June 14, 2009

Google Keeps Step With Bing

The New York Post recently reported that after the launch of Microsoft's new search engine, Bing, Google co-founder Sergey Brin began working with a team of engineers to make urgent upgrades to Google.

According to sources inside the powerful tech giant, Brin is leading the effort along with a team of search-engine specialists to determine how Bing's essential search algorithm is different than that of Google.

Bing, formerly known as Windows Live Search and MSN search, is a web search engine advertised as a "decision engine" and Microsoft's newest version of its search technology. Revealed by Microsoft CEO Steve Ballmer on May 28 at the All Things D conference in San Diego, Bing serves as a replacement for Live Search. It became fully available online June 3.

One insider, who requested anonymity, told The Post: "New search engines have come and gone in the past 10 years, but Bing seems to be of particular interest to Sergey."

Google founders don't typicallly get involved in the everyday grit of company operations, which makes this action from Brin noteworthy and gives the impression that he considers Bing to be a viable competitor.

Though unwilling to go into detail about Brin's interest in Bing, a Google spokesman said, "We always have a team working on improving search." He added, "We dedicate more time and energy to search than anything else in our company. Our algorithm is constantly evolving."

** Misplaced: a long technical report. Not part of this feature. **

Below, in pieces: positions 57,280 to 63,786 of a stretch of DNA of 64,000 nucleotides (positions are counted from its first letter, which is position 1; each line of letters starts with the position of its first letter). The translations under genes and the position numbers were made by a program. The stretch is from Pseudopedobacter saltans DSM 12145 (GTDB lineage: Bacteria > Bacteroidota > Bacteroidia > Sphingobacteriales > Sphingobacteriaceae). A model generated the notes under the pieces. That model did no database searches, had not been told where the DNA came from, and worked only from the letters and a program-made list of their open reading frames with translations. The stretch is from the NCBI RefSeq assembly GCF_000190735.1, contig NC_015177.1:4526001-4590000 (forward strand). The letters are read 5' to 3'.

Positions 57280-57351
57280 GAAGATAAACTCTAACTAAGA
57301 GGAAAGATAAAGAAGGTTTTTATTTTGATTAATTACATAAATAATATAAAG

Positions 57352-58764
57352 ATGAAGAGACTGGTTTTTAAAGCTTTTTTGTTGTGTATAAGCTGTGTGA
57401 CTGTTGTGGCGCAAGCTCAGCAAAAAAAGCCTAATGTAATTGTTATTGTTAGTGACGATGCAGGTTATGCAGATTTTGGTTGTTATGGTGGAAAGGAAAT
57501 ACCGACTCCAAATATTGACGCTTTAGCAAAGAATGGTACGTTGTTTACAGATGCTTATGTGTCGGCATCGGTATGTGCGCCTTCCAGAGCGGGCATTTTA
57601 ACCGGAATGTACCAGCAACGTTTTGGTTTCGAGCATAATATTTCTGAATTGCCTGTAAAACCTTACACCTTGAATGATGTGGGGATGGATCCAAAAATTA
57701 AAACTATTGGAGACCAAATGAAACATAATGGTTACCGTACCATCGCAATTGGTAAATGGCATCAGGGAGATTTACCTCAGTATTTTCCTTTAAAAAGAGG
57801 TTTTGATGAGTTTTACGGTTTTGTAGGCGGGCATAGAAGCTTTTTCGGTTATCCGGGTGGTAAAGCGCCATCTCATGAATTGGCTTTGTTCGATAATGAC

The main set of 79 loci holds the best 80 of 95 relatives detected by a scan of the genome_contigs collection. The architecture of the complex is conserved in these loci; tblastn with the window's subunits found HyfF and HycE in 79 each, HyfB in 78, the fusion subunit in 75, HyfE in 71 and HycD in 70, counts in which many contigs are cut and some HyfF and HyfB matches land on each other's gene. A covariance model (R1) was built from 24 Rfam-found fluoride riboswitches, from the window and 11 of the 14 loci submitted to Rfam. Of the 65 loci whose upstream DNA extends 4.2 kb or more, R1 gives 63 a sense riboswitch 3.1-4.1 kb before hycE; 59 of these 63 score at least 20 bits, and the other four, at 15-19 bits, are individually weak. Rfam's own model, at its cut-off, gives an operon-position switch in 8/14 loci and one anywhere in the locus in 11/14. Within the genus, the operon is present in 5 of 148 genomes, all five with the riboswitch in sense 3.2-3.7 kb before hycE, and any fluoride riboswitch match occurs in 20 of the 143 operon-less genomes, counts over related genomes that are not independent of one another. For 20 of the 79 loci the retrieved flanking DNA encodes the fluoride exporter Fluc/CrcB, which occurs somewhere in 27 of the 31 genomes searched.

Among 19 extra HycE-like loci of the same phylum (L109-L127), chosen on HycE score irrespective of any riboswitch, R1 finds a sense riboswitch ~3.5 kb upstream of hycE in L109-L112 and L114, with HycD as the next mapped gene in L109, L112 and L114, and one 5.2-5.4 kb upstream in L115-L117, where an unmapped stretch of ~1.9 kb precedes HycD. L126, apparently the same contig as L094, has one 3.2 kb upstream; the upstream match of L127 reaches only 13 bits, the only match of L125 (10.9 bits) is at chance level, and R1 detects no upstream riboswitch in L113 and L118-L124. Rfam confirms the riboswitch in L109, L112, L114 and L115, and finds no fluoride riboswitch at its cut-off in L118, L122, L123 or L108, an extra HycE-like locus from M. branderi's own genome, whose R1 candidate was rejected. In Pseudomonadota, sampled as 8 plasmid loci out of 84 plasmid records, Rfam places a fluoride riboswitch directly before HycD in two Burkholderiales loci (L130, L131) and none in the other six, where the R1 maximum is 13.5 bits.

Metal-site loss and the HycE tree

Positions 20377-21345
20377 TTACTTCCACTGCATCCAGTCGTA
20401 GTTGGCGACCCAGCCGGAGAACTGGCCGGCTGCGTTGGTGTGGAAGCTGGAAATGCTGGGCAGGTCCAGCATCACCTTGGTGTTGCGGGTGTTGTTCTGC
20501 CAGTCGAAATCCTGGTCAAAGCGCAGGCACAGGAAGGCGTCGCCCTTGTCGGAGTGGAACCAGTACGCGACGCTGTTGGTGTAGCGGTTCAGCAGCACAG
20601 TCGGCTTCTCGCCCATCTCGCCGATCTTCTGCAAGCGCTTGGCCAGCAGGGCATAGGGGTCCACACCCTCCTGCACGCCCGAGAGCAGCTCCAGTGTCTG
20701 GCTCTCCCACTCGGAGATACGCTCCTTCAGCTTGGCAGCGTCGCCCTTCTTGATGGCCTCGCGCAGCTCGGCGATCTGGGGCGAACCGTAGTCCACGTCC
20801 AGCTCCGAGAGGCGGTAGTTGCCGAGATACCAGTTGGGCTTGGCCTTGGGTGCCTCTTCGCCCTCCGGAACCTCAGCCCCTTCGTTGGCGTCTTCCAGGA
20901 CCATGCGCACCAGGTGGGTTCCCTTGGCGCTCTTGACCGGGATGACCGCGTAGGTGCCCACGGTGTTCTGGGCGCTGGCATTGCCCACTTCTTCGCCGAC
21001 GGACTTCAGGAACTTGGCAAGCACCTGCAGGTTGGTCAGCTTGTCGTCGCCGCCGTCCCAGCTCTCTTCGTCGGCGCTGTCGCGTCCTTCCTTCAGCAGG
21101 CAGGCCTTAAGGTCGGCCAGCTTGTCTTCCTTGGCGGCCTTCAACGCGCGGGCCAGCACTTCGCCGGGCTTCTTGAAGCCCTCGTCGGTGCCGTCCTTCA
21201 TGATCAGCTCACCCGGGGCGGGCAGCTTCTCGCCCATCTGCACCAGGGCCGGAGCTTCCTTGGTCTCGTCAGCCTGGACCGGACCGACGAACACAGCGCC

Bing's introduction to the world was given a massive marketing budget that reportedly ranged between $80 million and $100 million.

Microsoft has struggled to successfully compete in the Internet-search business with its former MSN search engine accounting for a mere 8% of the profitable search market share, which trails far behind Google's 60% and Yahoo's 20% share.

Microsoft CEO Steve Ballmer even unsuccessfully attempted to buy Yahoo in an effort to compete with Google. Shortly before the advent of Bing, Microsoft had still expressed an interest in striking some sort of deal or partnership with Yahoo search. 

With Bing being so well received, such ambitions have been quelled.

The new "decision engine" has been warmly welcomed by analysts, critics and users who seem to appreciate Microsoft's new approach to Web search. Early statistics show Bing increasing Microsoft's market share by two percentage points, to about 11 percent -- but that the gains largely didn't come from Google or Yahoo!

Bing sports a colorful home page and easy-to-navigate search categories unlike Google's less exciting white page and search box. Though presented as something incredibly different than it's rival, Bing can boast little to no difference when it comes to searching for simple terms.

A spokeswoman for Microsoft claims that Bing is focusing on improvements in search results in four main categories: shopping, travel, health and local searches.

Scott Kessler, senior equity research analyst at Standard & Poor's, and a Google specialist, said that though Bing has a lot of potential, it is not expected to have a substantial impact on Google's preeminence in Internet search.

"In a recent survey we found that the predominant features that dictate how people search the Internet are ease of use and force of habit. Google has been so dominant for so long that it will be tough for anyone to take significant market share away from them."


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